book promotion, book sales, self-publishing

The power of a newsletter. I hope.

person-writing-letter-with-metal-quill

How can we gain readers? Blogging is approximate, Facebook is fickle and tweets are lost like bubbles that burst as soon as they’re formed. Only one answer, then: a newsletter. Well, that’s what I’ve heard, time and again, from self-publishing marketing gurus, foremost among them Mark Dawson and Nick Stephenson. Build your mailing list!  As Dawson puts it, my mailing list is a crucial – THE crucial – part of my business. It’s my most valuable asset. Because then you have email addresses so you’re sending out regular content to a (more or less) captive audience. So that’s what I’m doing. Last week, GD did me the honour of posting one of my letters, so the least I can do now is explain the mechanics behind it.

First you’ll need an email marketing service. I’m currently using Mailchimp, which has good functionality and is free up to 2000 subscribers. After that, it’s $30 a month, rising to $50 when you hit 3000. Not exactly cheap. As I’m getting close to 2000, I’ve started looking at alternatives. Among the best known is Mailerlite, which is free up to 1000, only rising to $35 a month when you reach 10,000 (by which time, if all goes to plan, you should be generating more than enough revenue to cover the cost). Here’s a more detailed comparison of the two. But they’re not the only ones: here’s a list of several more.

But readers don’t sign up to lists for no reason. In return for giving you their email address, they want something of value to them, such as a free book or a video course. Make your first book free, and if subscribers like it enough, they’ll buy the second, especially if it’s part of a series. Or so the reasoning goes. But with so many free books out there, for that to happen, you’re going to need a lot of subscribers.

Next you want somewhere readers will find you. A landing page on a blog is all very well, but unless you have a huge amount of traffic, the sign-up rate is so low it could take years to build your list to any decent size. Then there’s the call to action placed at the front and back of your permafree book on Amazon, including a reader magnet (e.g. Sign up to my newsletter to join my readers’ group to get another free book / short story / novella and be informed of new releases). Here again, the sign-up rate is tiny. The solution? Shared promotions and giveaways. Since I signed up to Mailchimp almost a year ago, I’ve participated in half a dozen. Results have varied, ranging from barely 20 subscribers to the current one (40 mystery novels), with over 700. Readers sign up to giveaways on one of the two main sites, Instafreebie or Bookfunnel. This video (20 min) explains how both of them work.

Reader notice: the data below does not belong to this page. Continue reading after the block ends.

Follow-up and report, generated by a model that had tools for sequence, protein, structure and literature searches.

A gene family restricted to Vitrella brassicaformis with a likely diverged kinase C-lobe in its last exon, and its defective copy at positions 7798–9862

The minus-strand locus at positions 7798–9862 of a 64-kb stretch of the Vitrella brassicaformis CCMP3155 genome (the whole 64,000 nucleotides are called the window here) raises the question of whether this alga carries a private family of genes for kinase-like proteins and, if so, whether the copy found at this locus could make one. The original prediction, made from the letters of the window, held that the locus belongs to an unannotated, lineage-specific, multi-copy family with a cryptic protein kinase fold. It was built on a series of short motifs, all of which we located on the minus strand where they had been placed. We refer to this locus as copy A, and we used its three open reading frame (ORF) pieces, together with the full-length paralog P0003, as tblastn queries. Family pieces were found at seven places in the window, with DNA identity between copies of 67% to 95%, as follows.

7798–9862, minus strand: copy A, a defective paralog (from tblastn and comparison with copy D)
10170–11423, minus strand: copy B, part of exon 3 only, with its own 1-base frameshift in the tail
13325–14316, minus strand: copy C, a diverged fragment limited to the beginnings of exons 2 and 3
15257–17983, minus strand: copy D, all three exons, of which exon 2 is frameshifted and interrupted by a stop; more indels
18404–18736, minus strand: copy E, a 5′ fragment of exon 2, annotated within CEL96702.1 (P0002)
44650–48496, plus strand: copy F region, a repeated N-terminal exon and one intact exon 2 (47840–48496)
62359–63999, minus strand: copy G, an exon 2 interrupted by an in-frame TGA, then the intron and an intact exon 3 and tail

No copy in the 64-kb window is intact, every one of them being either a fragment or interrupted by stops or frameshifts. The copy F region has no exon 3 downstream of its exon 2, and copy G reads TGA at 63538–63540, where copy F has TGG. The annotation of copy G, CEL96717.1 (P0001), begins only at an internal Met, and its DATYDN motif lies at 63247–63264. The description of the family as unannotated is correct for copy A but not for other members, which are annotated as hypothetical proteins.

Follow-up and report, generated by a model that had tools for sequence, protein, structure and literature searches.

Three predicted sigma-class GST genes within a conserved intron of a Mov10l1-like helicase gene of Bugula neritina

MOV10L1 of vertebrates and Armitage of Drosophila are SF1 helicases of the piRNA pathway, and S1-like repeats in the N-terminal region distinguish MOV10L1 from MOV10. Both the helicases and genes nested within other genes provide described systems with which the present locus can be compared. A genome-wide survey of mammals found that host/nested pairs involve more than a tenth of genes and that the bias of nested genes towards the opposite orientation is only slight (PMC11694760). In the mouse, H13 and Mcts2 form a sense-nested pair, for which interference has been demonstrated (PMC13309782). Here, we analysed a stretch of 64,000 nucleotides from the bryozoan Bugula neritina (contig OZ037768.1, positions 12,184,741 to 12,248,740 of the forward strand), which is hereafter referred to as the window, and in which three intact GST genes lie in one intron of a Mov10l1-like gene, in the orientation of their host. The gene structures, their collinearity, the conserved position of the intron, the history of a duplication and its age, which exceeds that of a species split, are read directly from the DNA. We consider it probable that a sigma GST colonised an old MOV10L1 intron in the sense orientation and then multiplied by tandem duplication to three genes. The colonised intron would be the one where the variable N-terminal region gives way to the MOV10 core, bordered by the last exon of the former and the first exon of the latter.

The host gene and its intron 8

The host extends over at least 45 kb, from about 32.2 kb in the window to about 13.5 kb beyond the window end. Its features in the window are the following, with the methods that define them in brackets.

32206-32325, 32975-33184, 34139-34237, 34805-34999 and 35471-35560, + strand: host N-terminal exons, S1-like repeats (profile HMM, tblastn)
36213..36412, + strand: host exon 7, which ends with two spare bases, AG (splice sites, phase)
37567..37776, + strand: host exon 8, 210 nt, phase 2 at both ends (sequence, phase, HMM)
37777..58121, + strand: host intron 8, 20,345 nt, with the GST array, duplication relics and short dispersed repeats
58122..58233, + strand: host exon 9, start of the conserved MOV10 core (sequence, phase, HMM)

Finally, but of course not least, you need content. This is the hardest part – an insipid or uninformative newsletter will lose subscribers fast. But if it’s helpful, fun to read, or offers something of value (more giveaways, a free story), they’ll stay. All of them? That would be nice, wouldn’t it? But with each letter you send out, you can expect a hefty batch of unsubscribes. How many depends on the number of subscribers you have, so it’s best to talk percentages: in my experience, anything from 2% to 8%. Which is fine – lots of people sign up just for the freebies, so they’re unlikely to become your fans in any case.

Those are the ingredients then. What about the stats? How good a strategy is it? And what’s the best measure in any case? The most rewarding (financially) is the number of sales of a second book after readers have downloaded the first. If I include the sales of book two (Perfume Island) at the time of its launch, my conversion rate is 2.3%. Excluding the launch, it’s less than 1%. There are other measures, like the open rate of the newsletter (35% – 40% for mine) or the number of reviews on Amazon (Mark Dawson puts forward a figure of 1 per every 1000 downloads), but the bottom line, of course, is sales.

Am I downhearted? No. Nor even surprised, now that I know what the nature of the game is. For me, it’s way too early to draw conclusions. I’ve only got two books out, and there’s a lot I’ve still got to learn. My expectation is that until I reach at least 5000 subscribers, release a couple more books (and probably start spending on advertising), there won’t be any significant result. But so far this is the only strategy I’ve come across. It’s no doubt getting harder as time goes by, and it requires endless patience and perseverance, but there are plenty of authors who’ve used it satisfactorily. So sometime you can expect another post from me, triumphantly announcing I’m one of them. Maybe. In the meantime, you can always sign up to my newsletter.

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